The Mental Illness of Isla Vista Shooter: Depression, Anxiety, or Asperger’s?

The recent shooting in Isla Vista California is not a new experience for America’s schools. There seems to be a pattern of school shooters having a history of mental illness and previous suspicious behavior, eventually leading to that student becoming the perpetrator in a mass killing.


For instance, it’s no different for the 22-year old Elliot Rodger, who killed 6 students and then himself on May 23, 2014. In 1999, Rodger’s parents were struggling with their son’s deep and puzzling psychological problems as they worked their way through at divorce. At that time, Rodger’s medical doctor recommended that the boy, who was 8 years old at the time, go to a child psychiatrist for more examination because of the possibility of anxiety and depression. Since then, Rodger’s parents have been exploring various methods to support their son’s development and have had trouble facing the difficulties associated with their son’s mental illnesses.


Rodger’s mother described him as being a “high functioning autistic child”, often introverted and lonely. Autism is a complex neurological disorder that is symptomatic in different ways for different teens. Although general symptoms are the same, the specific challenges for each adolescent diagnosed with Autism can vary. Autism Spectrum Disorder (ASD) is a general term for a variety of complex disorders of the brain, which are typically recognized by difficulties in social interaction, verbal and nonverbal communication, and repetitive behavior. One disorder recognized to be a part of the Autism spectrum is Asperger’s, which might have been a diagnosis for Rodger.


Ms. Smith, Rodger’s behavioral specialist during middle school and later principal of the school Rodger attended for his junior year of high school described him as likely having Asperger’s Syndrome. “He was socially awkward, had trouble making eye contact and was very withdrawn.”


An article in the New York Times indicates that it’s impossible to know whether someone struggling with a mental disorder will ever become violent. “You can’t predict who will and who won’t,” said J. Reid Meloy, a forensic psychologist in San Diego. Although it’s impossible to predict, there are often red flags regarding psychological disorders that become apparent after a tragic event occurs.


This is the case with 20-year old Adam Lanza was obsessed with school shootings and he struggled with mental illness. He had a history of Obsessive Compulsive Disorder and often refused to take his medication for this illness. Obsessive-Compulsive Disorder (OCD) is characterized by repeating thoughts and images that might cause an individual to perform the same rituals over and over again, such as washing hands, locking and unlocking doors, or counting money.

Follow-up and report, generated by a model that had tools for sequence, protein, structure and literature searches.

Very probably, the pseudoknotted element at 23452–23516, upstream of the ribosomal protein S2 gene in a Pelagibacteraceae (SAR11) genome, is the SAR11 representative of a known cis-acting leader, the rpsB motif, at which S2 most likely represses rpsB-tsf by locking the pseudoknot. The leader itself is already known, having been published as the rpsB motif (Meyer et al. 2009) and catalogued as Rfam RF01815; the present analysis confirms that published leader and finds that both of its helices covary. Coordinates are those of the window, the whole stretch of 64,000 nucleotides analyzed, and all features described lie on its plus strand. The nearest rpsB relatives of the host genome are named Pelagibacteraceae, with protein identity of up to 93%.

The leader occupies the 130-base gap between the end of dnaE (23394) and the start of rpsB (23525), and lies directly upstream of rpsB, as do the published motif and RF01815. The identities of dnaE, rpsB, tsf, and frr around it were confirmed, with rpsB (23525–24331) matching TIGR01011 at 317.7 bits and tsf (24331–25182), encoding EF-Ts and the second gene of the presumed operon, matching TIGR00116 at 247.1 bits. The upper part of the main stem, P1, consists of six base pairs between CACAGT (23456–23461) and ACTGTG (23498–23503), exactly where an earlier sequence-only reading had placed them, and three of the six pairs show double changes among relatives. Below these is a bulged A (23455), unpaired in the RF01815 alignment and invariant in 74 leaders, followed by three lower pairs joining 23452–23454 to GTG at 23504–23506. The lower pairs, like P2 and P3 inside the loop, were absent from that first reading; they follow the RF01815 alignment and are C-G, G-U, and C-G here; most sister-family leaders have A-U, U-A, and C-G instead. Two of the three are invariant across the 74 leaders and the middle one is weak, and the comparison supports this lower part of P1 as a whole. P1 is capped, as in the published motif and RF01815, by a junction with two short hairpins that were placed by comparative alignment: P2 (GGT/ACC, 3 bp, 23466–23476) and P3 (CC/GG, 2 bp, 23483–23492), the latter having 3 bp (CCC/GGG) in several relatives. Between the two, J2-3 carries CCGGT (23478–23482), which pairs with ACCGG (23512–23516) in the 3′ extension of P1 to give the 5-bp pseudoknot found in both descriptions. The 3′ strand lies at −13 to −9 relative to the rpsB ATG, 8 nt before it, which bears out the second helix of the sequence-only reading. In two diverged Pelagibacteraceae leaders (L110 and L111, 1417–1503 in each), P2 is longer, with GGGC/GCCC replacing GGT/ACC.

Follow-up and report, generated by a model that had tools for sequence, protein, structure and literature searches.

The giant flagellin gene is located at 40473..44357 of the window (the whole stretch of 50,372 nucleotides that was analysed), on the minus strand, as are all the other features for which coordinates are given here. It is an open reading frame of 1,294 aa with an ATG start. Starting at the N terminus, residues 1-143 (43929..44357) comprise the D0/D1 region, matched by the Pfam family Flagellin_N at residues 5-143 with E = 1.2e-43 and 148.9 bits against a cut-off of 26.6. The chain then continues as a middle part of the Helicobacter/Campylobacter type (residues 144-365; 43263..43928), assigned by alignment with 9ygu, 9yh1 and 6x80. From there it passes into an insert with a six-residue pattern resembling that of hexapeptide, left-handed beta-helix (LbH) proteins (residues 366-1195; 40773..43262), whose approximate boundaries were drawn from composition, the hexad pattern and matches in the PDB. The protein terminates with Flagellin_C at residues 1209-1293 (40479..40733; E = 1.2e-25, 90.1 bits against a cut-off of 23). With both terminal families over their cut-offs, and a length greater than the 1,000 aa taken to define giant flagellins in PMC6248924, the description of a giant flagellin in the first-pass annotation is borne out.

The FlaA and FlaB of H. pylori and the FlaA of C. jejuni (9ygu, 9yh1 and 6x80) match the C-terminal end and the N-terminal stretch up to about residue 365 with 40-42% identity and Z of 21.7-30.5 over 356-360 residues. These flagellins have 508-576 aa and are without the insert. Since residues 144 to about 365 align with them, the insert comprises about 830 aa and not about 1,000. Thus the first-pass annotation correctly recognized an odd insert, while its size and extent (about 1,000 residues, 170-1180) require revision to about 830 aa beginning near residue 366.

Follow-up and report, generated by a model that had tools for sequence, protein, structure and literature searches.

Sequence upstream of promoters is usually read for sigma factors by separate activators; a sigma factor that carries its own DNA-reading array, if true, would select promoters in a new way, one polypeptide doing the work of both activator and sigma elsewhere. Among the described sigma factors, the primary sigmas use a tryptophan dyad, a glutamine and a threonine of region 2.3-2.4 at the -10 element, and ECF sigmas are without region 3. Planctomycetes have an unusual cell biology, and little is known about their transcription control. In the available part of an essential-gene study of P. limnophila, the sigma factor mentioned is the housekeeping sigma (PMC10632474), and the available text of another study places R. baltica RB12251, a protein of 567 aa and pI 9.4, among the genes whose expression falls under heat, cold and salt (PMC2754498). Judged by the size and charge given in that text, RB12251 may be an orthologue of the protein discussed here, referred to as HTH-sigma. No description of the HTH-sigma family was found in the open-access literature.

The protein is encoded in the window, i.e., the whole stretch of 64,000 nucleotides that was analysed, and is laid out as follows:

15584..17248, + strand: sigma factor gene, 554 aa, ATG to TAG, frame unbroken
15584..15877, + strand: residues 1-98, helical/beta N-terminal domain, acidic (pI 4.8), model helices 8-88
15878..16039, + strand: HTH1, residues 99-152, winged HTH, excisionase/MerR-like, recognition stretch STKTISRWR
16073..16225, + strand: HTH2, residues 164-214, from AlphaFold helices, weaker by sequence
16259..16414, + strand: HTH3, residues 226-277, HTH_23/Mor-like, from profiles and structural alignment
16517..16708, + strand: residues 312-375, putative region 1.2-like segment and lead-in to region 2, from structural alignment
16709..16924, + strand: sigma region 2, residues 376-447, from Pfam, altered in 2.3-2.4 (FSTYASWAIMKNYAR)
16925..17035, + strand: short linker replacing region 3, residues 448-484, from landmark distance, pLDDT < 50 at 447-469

Although, there are many teens with severe mental health concerns, there are often psychological red flags that are noticeable. In Rodger’s case, there were many years that the boy exhibited severe withdrawal and introversion. A friend of the Rodger family and their spokesperson since the event reported to the press a time when he found Elliot Rodger alone at night starry off into the starry dark sky.


Indeed, there are signs to watch for that might lead to saving an entire community. For example, when a teen refuses to take medication, when he or she is in denial about their illness, and when there is frequent societal withdrawal might indicate the need for professional assistance. If these become evident in an adolescent’s behavior, there’s no harm in speaking to a mental health expert. Certainly, in order to keep schools safe, reporting suspicious activity can save lives.




Kennedy, K. (January 13, 2014). Many Teens Struggle with Untreated Mental Illness, but School Screening Still Lacking. The Huffington Post. Retrieved on May 14, 2014 from:

Nagourney, A, Cieply, M., Feuer, A., Lovett, I., (June 1, 2014). Before Brief, Deadly Spree, Trouble Since 8: Elliot O. Rodger’s Killings in California Followed Years of Withdrawal. The New York Times. Retrieved on June 2, 2014 from: